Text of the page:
The Missing Link

Steam claims that it took me 10.7 hours to finish this, which would make it the longest DLC I ever played. The piece does basically everything as good or even better than the rest of the game did (yes, I dared to claim DLC can be part of the “real” game[‘s story]). It already includes the developers reaction to feedback received for Deus Ex: Human Revolution. For some reason the boss fights weren’t universally well received (I’m used to boss fights playing differently than the rest of the game – boss fights are supposed to be “special”, after all – so _I_ didn’t really mind either way) and the confrontation with the boss in The Missing Link works now completely different. Maybe I should browse the web a bit to find out, what people dislike now… :P Anyways, there’s story, dialog, guards are next to always in conversations when Jensen lurks around and even lone guards make comments every now and then (I’m bored…). I’m not sure they did that in the main installment.
A similar level of detail can be observed with the environments. Some desks now have unique photographs on them and even some of the obligatory offices look memorable. Secrets aren’t just back, a few of them are now a little bit harder to find, than just having to crawl through a vent. Because Jensen starts without augs (I smell a plot hole here, because how is an EMP chair supposed to stop Jensen, if he already had the EMP protection?), stapling crates becomes necessary every now and then to reach the unreachable. :P I liked that, it made it important to observe the environment carefully. It’s nice when there’s more than just having to look for guards and cameras. That’s definitely part of why I didn’t have the slightest interest in rushing through this adventure and it pulled me in in exactly the same way the full campaign did. Twice.
Missing Link also shows, that achievements don’t have to be dumb and lazy, when they are only rewarded for finding actual secrets, instead of getting one for every inevitable occurrence like booting up the game.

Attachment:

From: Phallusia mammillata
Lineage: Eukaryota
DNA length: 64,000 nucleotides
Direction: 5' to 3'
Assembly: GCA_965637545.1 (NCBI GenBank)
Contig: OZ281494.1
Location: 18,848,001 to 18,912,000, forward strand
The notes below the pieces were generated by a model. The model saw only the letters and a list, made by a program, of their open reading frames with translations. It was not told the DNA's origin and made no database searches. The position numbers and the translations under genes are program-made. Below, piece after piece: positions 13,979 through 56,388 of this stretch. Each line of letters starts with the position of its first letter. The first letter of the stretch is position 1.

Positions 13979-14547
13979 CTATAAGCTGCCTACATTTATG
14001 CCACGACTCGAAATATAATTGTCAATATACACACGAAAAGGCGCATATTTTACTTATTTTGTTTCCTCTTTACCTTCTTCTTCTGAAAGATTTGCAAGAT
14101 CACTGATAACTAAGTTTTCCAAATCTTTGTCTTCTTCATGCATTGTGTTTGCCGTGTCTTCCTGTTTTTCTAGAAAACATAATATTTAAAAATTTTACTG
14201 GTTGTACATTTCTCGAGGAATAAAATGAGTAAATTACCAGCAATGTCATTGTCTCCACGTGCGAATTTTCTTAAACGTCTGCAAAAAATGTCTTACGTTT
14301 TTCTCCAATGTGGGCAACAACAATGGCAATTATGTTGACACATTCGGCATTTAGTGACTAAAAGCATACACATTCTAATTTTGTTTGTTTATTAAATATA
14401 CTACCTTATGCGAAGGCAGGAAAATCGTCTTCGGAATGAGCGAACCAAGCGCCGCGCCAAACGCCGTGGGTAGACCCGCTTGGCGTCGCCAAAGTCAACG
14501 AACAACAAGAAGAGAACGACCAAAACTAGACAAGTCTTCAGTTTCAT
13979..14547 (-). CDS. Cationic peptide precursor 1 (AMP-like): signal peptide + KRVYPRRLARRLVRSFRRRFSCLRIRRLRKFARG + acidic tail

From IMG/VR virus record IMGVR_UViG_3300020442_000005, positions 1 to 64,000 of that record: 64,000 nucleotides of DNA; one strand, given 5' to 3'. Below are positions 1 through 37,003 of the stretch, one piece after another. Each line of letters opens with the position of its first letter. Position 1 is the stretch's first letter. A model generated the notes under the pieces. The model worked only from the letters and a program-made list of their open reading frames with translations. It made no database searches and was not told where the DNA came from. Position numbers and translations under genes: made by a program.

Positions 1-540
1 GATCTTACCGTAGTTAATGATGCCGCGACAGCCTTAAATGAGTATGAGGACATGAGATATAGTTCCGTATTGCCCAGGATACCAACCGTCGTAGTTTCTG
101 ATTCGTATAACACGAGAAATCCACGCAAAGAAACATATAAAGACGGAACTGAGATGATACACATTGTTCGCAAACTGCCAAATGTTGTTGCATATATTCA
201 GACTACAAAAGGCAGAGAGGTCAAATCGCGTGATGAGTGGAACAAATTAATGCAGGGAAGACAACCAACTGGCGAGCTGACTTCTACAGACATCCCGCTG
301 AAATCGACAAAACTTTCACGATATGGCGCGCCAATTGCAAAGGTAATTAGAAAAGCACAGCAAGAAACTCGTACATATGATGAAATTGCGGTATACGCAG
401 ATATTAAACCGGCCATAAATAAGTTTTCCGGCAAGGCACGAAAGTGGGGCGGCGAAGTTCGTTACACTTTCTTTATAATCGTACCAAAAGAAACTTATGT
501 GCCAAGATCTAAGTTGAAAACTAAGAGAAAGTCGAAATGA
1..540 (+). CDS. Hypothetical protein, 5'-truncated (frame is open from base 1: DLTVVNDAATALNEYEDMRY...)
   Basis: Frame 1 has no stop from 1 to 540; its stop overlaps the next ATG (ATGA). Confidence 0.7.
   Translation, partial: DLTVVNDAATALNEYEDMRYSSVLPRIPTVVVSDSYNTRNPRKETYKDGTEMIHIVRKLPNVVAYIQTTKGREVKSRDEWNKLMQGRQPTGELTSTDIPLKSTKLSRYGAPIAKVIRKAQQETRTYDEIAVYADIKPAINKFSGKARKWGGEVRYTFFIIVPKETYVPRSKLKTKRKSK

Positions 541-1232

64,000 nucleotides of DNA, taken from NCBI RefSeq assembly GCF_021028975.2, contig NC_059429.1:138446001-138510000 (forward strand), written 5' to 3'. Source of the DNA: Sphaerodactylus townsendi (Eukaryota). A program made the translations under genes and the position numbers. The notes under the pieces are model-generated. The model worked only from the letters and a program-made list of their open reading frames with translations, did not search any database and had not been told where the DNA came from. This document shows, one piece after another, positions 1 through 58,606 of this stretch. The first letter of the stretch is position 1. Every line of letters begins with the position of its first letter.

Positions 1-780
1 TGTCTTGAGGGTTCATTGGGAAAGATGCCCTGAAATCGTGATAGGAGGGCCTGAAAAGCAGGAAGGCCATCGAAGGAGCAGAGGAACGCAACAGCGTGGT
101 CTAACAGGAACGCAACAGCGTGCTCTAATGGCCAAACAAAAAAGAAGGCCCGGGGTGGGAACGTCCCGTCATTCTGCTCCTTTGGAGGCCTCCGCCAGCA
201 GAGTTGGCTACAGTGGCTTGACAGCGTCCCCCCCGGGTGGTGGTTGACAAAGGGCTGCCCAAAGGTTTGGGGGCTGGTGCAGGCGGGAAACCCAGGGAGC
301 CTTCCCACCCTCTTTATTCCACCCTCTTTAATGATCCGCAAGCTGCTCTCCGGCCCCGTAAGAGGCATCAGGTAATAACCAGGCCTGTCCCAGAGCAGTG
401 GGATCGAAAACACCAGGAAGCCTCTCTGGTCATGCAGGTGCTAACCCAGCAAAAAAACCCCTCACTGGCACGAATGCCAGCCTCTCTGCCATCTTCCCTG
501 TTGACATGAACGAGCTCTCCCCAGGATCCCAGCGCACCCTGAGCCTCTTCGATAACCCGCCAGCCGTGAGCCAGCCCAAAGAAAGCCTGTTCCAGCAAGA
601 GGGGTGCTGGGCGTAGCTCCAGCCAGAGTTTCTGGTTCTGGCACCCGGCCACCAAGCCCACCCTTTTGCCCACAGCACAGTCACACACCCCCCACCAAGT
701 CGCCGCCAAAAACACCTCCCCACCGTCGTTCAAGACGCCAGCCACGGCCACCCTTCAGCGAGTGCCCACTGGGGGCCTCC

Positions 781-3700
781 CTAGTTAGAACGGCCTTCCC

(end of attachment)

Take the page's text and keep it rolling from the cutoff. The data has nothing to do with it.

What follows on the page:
The DLC is installed as an extra game. It’s not technically a part (only the story, which adds more details to the whole picture, is) of the original installation. That makes it especially ridiculous, that only owners of the main title can buy it in Steam. I’m guessing it would work for everyone and doesn’t seem to require any resources of the original. That’s probably why it’s over 2 GB in installation size too – some of the files are now using up space needlessly twice. To complete this impression, the DLC is launched in the Steam games list using a separate, extra entry. It behaves as a stand-alone expansion would.
I got it when it was 66% off and _that_ sum it was totally worth to me, especially when considering that I certainly will play it again at some point. Their dirty mind game worked on me and I’m excited to see, if they can come up with more adventures of this scope.

PS: They still haven’t fixed this crash, that often occurs when switching a lot between normal inventory and quest items and selecting examine on them. And the other crash, when choosing to exit the game (yes the game crashes when wanting to close it anyway, funny…) is alive and well too. So I’m assuming that not too much has changed, although the 2 separate exe files for DXHR and The Missing Link have different version numbers (and sizes). :)


  1. 1 Dishonored « adrift

    […] boss fights at all, during those, the player had to kill the adversaries – no way around it (The Missing Link was different/improved in this regard though). Dishonored however can be successfully finished with […]


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    […] a GOTY version, it wouldn’t be the worst idea to merge this DLC with the main campaign, like The Missing Link was merged with Deus Ex: Human Revolution when the Director’s Cut version came […]


  3. 3 Deus Ex Human Revolution Director’s Cut | adrift

    […] is exactly my cup of tea. I bought and played the game right when it first came out and later got The Missing Link. I didn’t immediately buy the director’s cut when it came out, because there […]


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    […] I loved every second of playing it. The world building is tremendous (even better than in Deus Ex: Human Revolution) and even the side quests are usually very good. They all have something memorable to […]


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